This is yet another response to the recent “Integrative Medicine in America” report published by the Bravewell Collaborative. Drs. Novella and Gorski have already given that report its due, so I won’t repeat the background information. Inevitably, I’ll cover some of the same points, but I’ll also try to emphasize a few that stand out to me. Most of these have been discussed on SBM over the years, but bear repeating from time to time. Let’s begin with:
If it ducks like a quack…
Misleading language is the sine qua non of ‘integrative medicine’ (IM) and its various synonyms. The term itself is a euphemism, intended to distract the reader from first noticing the quackery that is its distinguishing characteristic. As previously explained, Bravewell darlings Andrew Weil and Ralph Snyderman, quack pitchmen extraordinaires, recognized nearly 10 years ago that if you really want to sell the product, you should dress it up in ways that appeal to a broad market.
Let’s see how this is done in the latest report. Here is the very first sentence:
The impetus for developing and implementing integrative medicine strategies is rooted in the desire to improve patient care.
Who would disagree with improving patient care? (Try not to notice the begged question). Here’s the next paragraph (emphasis added):
The Bravewell Collaborative, a philanthropic organization that works to improve healthcare, defines integrative medicine as “an approach to care that puts the patient at the center and addresses the full range of physical, emotional, mental, social, spiritual, and environmental influences that affect a person’s health. Employing a personalized strategy that considers the patient’s unique conditions, needs, and circumstances, it uses the most appropriate interventions from an array of scientific disciplines to heal illness and disease and help people regain and maintain optimum health.”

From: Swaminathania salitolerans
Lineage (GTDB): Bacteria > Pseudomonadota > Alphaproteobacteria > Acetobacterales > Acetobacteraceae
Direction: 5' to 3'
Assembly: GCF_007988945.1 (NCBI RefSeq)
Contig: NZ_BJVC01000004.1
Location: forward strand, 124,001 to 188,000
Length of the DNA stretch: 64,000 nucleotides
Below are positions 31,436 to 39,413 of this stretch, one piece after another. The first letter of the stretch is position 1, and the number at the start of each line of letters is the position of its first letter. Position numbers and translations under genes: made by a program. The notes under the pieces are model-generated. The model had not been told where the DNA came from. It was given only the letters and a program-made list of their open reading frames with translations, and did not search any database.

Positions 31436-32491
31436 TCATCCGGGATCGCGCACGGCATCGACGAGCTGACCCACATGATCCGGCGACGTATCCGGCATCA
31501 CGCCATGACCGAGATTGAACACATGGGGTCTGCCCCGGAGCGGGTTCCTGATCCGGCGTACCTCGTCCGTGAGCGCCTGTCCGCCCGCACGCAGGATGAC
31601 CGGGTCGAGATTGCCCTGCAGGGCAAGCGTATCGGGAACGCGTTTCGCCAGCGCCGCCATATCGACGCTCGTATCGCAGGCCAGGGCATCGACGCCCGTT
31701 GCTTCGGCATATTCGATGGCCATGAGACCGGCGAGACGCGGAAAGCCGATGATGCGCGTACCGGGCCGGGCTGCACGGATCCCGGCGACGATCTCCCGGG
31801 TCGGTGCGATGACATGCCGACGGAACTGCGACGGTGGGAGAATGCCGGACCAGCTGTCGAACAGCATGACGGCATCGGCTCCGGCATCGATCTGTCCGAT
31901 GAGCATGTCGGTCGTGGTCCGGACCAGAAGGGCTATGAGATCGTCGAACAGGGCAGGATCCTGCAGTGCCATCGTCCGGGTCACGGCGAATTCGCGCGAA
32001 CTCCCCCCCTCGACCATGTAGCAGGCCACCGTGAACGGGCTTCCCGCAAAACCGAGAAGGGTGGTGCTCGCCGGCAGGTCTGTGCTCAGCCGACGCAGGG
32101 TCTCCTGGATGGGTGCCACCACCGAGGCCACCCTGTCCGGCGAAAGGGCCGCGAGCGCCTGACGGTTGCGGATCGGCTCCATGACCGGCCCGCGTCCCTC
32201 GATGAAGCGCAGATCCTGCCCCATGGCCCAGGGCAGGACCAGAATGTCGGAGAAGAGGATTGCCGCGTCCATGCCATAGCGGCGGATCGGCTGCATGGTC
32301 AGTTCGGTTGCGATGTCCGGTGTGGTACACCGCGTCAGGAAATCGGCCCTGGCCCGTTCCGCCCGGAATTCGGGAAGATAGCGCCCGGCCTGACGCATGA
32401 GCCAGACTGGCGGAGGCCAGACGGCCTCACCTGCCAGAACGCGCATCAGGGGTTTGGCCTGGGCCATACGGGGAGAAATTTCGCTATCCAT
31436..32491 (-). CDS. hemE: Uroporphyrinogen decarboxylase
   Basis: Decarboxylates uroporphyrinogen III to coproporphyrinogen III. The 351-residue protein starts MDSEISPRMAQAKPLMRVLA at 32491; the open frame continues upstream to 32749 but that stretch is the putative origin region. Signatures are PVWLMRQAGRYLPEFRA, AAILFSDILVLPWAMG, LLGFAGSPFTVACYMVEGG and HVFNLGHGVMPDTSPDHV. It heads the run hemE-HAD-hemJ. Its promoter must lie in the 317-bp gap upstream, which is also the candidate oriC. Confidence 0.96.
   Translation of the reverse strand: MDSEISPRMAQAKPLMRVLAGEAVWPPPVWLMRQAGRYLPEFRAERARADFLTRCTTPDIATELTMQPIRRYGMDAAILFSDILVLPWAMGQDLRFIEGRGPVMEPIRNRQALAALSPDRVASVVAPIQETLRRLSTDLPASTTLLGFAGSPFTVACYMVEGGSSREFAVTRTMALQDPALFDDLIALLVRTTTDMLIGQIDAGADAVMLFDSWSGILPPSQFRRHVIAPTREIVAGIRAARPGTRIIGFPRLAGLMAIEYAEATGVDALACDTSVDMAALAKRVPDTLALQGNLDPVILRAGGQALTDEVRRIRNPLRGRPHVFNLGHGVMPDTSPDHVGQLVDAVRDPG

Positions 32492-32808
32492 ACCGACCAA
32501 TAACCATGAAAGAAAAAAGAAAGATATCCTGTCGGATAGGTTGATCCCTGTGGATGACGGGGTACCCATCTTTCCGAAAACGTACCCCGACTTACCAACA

Who would dare to disagree with those points? Other than biting off more than it can chew (see below), the definition applies to modern medicine, which tries to be patient-centered, holistic (in the honest sense of the term), “personalized,” scientific, etc. You have to be pretty savvy to recognize the misleading hype in that paragraph:
- “The Bravewell Collaborative…works to improve healthcare.” That would require that highly implausible medical claims—the only things that distinguish IM from real medicine—actually do what their proponents claim. They don’t, as we at SBM have been explaining for years.
- “…puts the patient at the center.” That implies “patient-centered care,” which requires that practitioners provide honest, comprehensive information about the methods in question. IM practitioners are universally dishonest about such matters. They have to be, because otherwise they’d have to tell patients the truth: that the methods are worthless. In a subsequent post I’ll provide examples pertinent to this report.